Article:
Smoother traffic at sag vertical curves on highways  A sag vertical curve is a bowl-shaped geographic feature where a downhill slope approaches an uphill slope. Since the speed of the vehicle drops before the driver realizes what has happened, around 60% of highway traffic jams in Japan occur at sag vertical curves. Road congestion can be mitigated through the use of Adaptive Cruise Control and Cooperative ACC together with information broadcasts from transceivers like ITS Spot to prompt smoother acceleration.

 

Examples of ITS Connect use in autonomous driving

Merging on highways  The system checks road structures, lane profiles, and other areas, and uses I2V and V2V communication to gain information about road conditions, and positions and speeds of vehicles on the highway, which cannot be fully captured by autonomous system sensors. The information is used to predict the position and speed for merging.
Merging and lane change (utilizing transmission)  Vehicles that are merging notify vehicles in through traffic on highways, and vehicles traveling forward send an OK signal and maintain safe distances accordingly. The vehicle that is merging or changing lanes confirms that the situation is safe using autonomous system sensors, performs the maneuvering operation, and signals to the other vehicles after successful completion.

 Source: Chubu IT Fusion Seminar: “Toyota’s ITS initiative and future vision” October 20, 2015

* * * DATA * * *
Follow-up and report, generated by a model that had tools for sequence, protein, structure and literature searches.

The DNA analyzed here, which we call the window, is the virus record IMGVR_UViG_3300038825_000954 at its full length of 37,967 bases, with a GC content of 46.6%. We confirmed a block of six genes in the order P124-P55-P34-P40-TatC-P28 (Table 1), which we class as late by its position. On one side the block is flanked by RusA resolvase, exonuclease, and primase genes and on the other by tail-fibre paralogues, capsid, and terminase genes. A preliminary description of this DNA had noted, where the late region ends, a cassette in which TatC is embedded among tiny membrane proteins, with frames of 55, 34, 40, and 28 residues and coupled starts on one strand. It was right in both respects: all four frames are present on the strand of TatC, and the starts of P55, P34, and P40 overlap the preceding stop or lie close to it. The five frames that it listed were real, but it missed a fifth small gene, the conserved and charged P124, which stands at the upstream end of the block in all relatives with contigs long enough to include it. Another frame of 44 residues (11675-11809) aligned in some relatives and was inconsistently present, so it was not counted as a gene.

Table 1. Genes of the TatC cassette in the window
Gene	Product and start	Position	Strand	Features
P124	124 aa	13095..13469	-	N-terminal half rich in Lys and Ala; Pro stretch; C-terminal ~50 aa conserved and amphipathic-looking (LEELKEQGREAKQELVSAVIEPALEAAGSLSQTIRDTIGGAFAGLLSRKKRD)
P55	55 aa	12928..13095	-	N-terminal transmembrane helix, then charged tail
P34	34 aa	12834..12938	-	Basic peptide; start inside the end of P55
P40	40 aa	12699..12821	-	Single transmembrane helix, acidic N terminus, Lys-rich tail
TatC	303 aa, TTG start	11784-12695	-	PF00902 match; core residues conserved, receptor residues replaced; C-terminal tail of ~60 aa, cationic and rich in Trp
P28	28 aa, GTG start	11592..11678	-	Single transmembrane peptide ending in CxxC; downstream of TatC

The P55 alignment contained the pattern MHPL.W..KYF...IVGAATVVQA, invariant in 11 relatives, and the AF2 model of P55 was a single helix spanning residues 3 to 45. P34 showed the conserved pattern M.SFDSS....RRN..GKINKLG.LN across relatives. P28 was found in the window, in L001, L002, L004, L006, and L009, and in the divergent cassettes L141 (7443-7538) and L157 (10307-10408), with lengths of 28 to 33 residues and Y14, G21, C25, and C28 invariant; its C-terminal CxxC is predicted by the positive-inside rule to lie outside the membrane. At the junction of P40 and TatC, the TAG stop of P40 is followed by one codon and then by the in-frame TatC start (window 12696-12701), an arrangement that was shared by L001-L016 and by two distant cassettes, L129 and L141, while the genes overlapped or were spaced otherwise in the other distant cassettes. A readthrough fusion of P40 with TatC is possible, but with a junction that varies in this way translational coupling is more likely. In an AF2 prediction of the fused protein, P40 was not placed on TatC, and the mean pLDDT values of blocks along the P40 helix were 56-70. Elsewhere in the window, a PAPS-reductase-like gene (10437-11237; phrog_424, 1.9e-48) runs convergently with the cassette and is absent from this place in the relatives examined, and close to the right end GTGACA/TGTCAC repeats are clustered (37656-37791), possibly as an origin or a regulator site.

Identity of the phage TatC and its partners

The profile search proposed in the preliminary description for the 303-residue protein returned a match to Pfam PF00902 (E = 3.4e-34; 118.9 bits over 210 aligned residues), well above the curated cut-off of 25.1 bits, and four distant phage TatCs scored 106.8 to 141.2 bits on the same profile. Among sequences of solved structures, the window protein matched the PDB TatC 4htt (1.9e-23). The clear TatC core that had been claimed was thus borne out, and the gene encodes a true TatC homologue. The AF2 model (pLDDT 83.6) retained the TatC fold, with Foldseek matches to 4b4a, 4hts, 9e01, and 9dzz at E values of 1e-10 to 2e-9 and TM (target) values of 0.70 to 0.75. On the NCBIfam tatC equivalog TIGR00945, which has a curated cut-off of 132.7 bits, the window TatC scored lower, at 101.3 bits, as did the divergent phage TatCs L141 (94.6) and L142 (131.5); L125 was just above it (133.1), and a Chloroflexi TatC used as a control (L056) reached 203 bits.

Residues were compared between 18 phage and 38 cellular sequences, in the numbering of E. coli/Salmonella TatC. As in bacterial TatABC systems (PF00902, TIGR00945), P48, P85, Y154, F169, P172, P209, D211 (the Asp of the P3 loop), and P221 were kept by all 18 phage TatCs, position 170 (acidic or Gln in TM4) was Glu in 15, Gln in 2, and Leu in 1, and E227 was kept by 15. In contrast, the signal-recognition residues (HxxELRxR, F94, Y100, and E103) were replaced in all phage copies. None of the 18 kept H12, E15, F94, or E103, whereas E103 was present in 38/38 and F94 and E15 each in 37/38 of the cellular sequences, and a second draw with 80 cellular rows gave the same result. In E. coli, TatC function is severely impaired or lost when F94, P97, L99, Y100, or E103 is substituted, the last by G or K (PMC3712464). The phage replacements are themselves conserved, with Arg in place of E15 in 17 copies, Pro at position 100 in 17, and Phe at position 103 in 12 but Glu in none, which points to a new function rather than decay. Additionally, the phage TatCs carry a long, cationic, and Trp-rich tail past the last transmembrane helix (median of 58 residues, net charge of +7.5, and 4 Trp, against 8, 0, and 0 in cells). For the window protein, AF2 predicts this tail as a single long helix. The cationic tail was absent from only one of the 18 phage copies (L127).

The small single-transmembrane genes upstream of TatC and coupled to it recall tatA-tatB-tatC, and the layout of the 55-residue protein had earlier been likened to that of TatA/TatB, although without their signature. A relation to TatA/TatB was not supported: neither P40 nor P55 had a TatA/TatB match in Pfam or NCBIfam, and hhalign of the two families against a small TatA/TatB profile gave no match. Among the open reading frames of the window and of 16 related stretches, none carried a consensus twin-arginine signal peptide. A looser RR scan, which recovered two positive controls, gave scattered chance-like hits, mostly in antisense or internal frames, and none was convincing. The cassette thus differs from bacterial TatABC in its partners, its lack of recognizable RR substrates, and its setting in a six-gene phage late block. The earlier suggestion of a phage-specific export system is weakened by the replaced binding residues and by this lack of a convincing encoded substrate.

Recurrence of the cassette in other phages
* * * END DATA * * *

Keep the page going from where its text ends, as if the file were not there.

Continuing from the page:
Daimler introduces Car-to-X communication, Honda develops Wi-Fi V2X communication

Car-to-X communication
Image of “Car-to-X communication” available on Mercedes-Benz E-Class
(Source: Daimler)

 Daimler’s Car-to-X communication is available on the all-new S-Class launched in 2013 and the E-Class launched in February 2016. A smart phone in the car communicates with the smart phones in other cars (even cars not made by Mercedes-Benz) to warn the driver of potential dangers before they are seen.

 The 2013 system uses Drive Kit Plus to connect the smart phone and the car. The new system was introduced in 2016 and is connected directly to onboard software.

 Daimler initially developed a smart phone-based system that allowed for early introduction in the market. The company is now developing a Car-to-X communication system based on V2V communication and plans to make both systems available for use.

 While Toyota’s ITS Connect provides precise control at intersections transceivers are installed in, among other features, the Daimler system is different in that it sends information about cars that have broken down and are not clearly visible on the road, sudden strong rain, frozen road surfaces, and other such information.

 Honda has set up a system where vehicles communicate with other vehicles and pedestrians who have a special smart phone application with Wi-Fi. The company reportedly plans to practically apply the new technology in 2020.